The Burgum family history society is a member of the Guild of one name studies and researches the names


This article was first published in an E-Journal of the BURGUM FAMILY HISTORY SOCIETY in the Summer 2009.

It is very unlikely that Alfred Edgar Burgum, John Thomas Burgham and Alfred Edward Septimus Burgham ever knew each other. However, they all died at sea during the Second World War. All three were torpedoed at different times, and at different places, but the result was the same. Lives lost and hearts broken.

The first was Alfred Edgar Burgum, who was born at Great Lever, Bolton, England, in 1896. He was said to be the son of Samuel and Miriam Burgum, of Rio de Janeiro, Brazil, although my records show his mother's name was Susan Mary Anne Perrin and not Miriam. He later married Edith Louise Milton, of Littlemore, Oxfordshire, and had four children Michael Burgum, Graham Burgum, Peter Burgum and Elain Denty, all members of the Burgum Family History Society. Alfred was an Engineering Officer aboard a Merchant Navy vessel, the M.V. Chinese Prince, when it was sunk by a torpedo at 0414 hours on Thursday 12th June 1941. Alfred was 45.

The British steamer, under the command of Master Wilma Finch and with a tonnage of 8,593 tons, was routing from Port Said, Egypt, via Cape Town, to Liverpool, carrying 9167 tons of cargo, including potash, currants and magnesite. It was torpedoed by a U-Boat U-552, at Latitude 56.12 north, Longitude 14.18 west, south of Rockall and 280 miles north west of Malin Head. Sixty-four people were aboard the vessel; forty-five of the crew were slain. Nineteen survivors, including the master, 15 crew and 3 gunners were picked up by HMS Arbutus and HMS Pimpernel. They were landed at Londonderry, Northern Ireland. The U-Boat, under the command of Erich Topp, was based at the French port of Nazaire and sank thirty vessels over a period of three years. The submarine was eventually scuttled by its crew in the Baltic Sea, 2nd May 1945.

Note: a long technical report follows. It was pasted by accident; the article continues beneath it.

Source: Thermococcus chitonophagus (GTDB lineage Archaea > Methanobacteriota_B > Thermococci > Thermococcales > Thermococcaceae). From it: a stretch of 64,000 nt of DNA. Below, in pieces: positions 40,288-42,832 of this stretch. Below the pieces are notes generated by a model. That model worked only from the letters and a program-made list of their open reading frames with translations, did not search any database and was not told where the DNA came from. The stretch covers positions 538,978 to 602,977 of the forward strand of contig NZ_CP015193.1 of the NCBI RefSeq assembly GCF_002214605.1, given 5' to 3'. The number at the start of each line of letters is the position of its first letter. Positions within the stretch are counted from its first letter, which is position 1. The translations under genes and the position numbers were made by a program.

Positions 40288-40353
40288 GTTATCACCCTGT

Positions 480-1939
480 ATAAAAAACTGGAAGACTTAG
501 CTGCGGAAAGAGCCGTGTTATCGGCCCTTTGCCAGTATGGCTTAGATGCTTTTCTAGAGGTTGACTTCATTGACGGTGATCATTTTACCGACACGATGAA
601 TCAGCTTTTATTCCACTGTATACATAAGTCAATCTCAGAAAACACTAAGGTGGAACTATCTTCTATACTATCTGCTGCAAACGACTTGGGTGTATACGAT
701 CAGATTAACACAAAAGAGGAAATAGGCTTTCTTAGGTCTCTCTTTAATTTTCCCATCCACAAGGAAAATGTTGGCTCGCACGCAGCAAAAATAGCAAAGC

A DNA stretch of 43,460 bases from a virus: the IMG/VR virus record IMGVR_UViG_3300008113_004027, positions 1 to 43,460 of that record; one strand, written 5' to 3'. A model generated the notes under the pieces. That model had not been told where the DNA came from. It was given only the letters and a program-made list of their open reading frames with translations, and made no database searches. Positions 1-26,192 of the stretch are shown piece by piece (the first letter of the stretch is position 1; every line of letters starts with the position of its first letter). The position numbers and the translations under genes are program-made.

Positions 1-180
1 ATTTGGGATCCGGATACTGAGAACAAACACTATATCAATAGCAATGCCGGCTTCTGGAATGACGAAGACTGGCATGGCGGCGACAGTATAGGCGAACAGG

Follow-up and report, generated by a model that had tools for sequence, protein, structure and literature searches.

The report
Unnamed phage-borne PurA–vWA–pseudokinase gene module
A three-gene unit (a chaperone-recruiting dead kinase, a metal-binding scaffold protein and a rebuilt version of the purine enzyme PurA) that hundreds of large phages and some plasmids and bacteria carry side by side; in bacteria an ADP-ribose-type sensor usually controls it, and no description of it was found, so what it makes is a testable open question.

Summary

Alfred's name appears on a panel (panel 28) on the Tower Hill Memorial (Panel 28), in London, commemorating men of the Merchant navy who have no known grave.

Thomas John Burgham
was also lost at sea. He was the son of Alfred and Frances Anne Burgham and the husband of Esther Kate Burgham. Thomas was a Leading Stoker (P/KX 94117) on HMS Beverley, Royal Navy, which was sunk by torpedo at 0552 hours on Sunday 11th April 1943. He was age 30. HMS Beverley had a displacement: of 1,190 tons and a crew of about 150. It had six anti-aircraft guns, (4 inch, 3 inch and 4x20mm) and three 21 inch torpedo tubes. Two torpedos were fired from U-188 commanded by Kapitanleutnant Siegfried Ludden during a night attack and the Beverley sank very quickly. There were just four survivors. The position was 52.28N 40.32W.

Thomas is commemorated at the Portsmouth Naval Memorial, (Southsea Common), Hampshire, England.

Alfred Edward Septimus Burgham, died on Sunday 13th February 1944, when his vessel was sunk. The son of Alfred and Frances Burgham, of Abertillery, Monmouthshire, he was just 19. He was a Stoker (Lt/KX 532059), in the Royal Naval Patrol Service aboard the HM Trawler Cap D'Antifer. The RNPS was known as Harry Tate's Navy (also Churchill's Pirates). The men were a mixture of experienced seamen and fishermen, as well as recruits and volunteers with little, or no experience of the sea. Most vessels were acquisitioned by the Navy and so it was with the Cap D'Antifer. Built in 1920, this Belgian trawler (Compas) was commandeered by the Free French, then seized by the Royal Navy in July 1940. At 294 tons, the vessel serving with the 19th Minesweeping Group, based at Grimsby. On 13th February 1944, under the command of Lt. J. W. Neill, RNVR, she was torpedoed by a German Motor Torpedo Boat in the North Sea, off the Humber in February 1944. Her position was 53.17.34N 01.06.29E (WGS84) and the wreck lies at a depth of approximately 19 metres.

He is commemorated at the Lowestoft Naval Memorial (Panel 15, column 3), Suffolk, England.

Left to right, the Google map below shows the last location of HMS Beverley, south of Greenland, the Chinese Prince, south of Iceland, and the Cap D'Antifer, in the North Sea.